Antigua came under fire once again this week, adding another chapter to the ongoing Antigua-US WTO dispute that arose after the United States Congress passed an illegal accord banning all forms of online gambling in America. The most recent challenge to Antigua has come from the Geneva-based World Intellectual Property Organization (WIPO). They claim that Antigua and Barbados are in violation of international copyright treaty if these countries continue to move forward with their WTO-approved sanctions against the US.

Dr. Errol Cort, the Antiguan Minister of Finance and the Economy, has flat out rejected the opinions of the WIPO. Earlier this week he responded to the local media regarding comments made by Jorgen Blomqvist, the director of the Copyright Law Division of the WIPO. Blomqvist, who is a signatory to the Berne Convention for the Protection of the Literary and Artistic Works, has said that Antigua and Barbados are legally obligated to protect copyrights despite the fact that the World Trade Organization (WTO) has already approved the sanctions.

Cort was recorded as saying that, although he has not researched the finer technical details of the recent WIPO decision, he rejects the idea that the WTO-approved sanction would be in breach of other international treaties.

“I would have a big difficulty accepting what is being suggested, because if that is so, it puts a nonsense to the whole World Trade Organization and the rulings and sanctions. It just brings the whole thing into disrepute. So I don’t accept that,” he said.

“It seems to me that what we would be saying at the World Trade Organization is, notwithstanding whatever treaties you may have entered into, rulings of the WTO would have to be viewed in the context of an agreement to suspend these treaty obligations and to give supremacy to the ruling of the WTO. Otherwise it would be a useless exercise to talk about going to the WTO to get some ruling and then you can’t lawfully implement the ruling. So, I don’t accept that particular view.”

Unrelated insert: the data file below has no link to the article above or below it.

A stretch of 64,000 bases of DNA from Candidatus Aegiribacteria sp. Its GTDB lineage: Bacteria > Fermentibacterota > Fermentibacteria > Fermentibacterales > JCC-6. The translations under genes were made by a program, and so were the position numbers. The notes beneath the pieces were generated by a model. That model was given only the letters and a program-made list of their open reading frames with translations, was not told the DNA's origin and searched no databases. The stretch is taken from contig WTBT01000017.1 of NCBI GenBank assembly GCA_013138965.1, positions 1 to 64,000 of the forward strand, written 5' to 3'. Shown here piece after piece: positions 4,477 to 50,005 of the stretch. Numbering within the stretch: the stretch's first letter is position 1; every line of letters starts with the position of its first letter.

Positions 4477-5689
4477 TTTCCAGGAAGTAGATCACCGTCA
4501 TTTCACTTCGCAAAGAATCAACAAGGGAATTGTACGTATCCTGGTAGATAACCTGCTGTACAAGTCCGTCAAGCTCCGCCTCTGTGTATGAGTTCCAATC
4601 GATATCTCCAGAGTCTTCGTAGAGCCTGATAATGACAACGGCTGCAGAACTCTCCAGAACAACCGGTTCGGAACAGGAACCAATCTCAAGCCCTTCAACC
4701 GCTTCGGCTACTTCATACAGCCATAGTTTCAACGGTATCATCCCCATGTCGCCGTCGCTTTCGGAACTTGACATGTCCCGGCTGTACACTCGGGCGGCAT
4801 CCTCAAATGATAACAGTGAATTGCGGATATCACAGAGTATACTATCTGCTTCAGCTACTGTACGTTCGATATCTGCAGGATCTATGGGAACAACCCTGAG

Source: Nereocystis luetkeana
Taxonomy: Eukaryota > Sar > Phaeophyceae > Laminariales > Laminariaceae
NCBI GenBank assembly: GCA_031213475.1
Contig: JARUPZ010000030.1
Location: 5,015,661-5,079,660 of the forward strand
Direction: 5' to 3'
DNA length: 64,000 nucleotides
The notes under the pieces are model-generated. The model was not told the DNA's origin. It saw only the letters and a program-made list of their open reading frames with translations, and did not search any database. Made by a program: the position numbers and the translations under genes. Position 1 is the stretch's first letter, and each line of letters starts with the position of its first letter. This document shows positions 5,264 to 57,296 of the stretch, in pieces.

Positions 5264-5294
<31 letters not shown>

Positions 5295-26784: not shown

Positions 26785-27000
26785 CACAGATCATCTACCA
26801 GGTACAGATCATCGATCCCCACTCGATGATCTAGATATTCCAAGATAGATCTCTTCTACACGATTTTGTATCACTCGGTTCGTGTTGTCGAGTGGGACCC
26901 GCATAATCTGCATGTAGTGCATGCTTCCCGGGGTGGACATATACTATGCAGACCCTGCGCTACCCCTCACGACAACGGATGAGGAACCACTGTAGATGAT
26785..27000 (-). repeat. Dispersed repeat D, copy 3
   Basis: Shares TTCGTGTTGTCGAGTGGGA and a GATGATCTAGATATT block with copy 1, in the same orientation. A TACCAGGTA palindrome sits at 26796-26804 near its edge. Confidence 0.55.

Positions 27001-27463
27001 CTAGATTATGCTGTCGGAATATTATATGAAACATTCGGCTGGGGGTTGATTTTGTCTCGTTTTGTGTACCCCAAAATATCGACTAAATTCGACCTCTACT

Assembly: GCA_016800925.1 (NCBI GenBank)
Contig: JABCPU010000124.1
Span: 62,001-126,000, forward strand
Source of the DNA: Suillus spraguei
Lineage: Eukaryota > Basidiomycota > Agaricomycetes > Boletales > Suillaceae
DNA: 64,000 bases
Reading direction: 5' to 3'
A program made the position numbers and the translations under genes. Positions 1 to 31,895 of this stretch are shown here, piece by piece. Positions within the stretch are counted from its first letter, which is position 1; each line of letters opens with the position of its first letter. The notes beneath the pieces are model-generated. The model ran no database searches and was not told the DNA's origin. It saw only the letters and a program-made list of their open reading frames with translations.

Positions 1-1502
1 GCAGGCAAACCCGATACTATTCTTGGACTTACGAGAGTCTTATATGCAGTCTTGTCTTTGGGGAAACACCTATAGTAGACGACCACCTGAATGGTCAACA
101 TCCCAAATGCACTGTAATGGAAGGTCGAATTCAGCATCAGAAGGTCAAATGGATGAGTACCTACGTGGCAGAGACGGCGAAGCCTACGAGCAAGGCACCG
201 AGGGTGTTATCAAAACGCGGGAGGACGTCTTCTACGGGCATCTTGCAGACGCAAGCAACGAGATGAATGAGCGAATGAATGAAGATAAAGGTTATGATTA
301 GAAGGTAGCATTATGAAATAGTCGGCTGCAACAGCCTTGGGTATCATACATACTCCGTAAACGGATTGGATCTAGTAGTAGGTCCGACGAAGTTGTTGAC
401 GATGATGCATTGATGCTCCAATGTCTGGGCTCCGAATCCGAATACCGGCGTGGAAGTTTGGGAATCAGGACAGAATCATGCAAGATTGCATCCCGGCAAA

This battle has been going on for many months and at this point it seems as if there is no end in sight. After the United States passed the anti-gambling legislation Antigua immediately appealed to the WTO because their flight from the American online gambling market meant a loss of millions of dollars a year. The WTO ruled in favor of Antigua and made the US government pay $500,000 in damages to the Antiguan government for disruptions in their commerce. They also allowed Antigua to suspend its obligations to the US in respect to copyright law, which is at the root of the most current drama.

Now, according to Music2.0 Antigua has the right to “disregard its WTO obligations to the US in respect of copyrights, trademarks and other forms of intellectual property including industrial designs, patents and protection of undisclosed information up to the value of $21 million.” The decision unfortunately affects parties who have absolutely nothing to do with poker or Antigua.

Whether or not the WIPO ruling will override the WTO-approved sanctions is still up in the air. It is these kinds of questions that are becoming more and more difficult to answer in the modern world. Who truly has the final say in supranational issues such as this? Is it each individual country, the WTO, the WIPO or the companies who run these wealthy businesses? The answer is one of the biggest issues that are being debated in the international- law community; hopefully they will find a resolution to the US-Antigua dispute.

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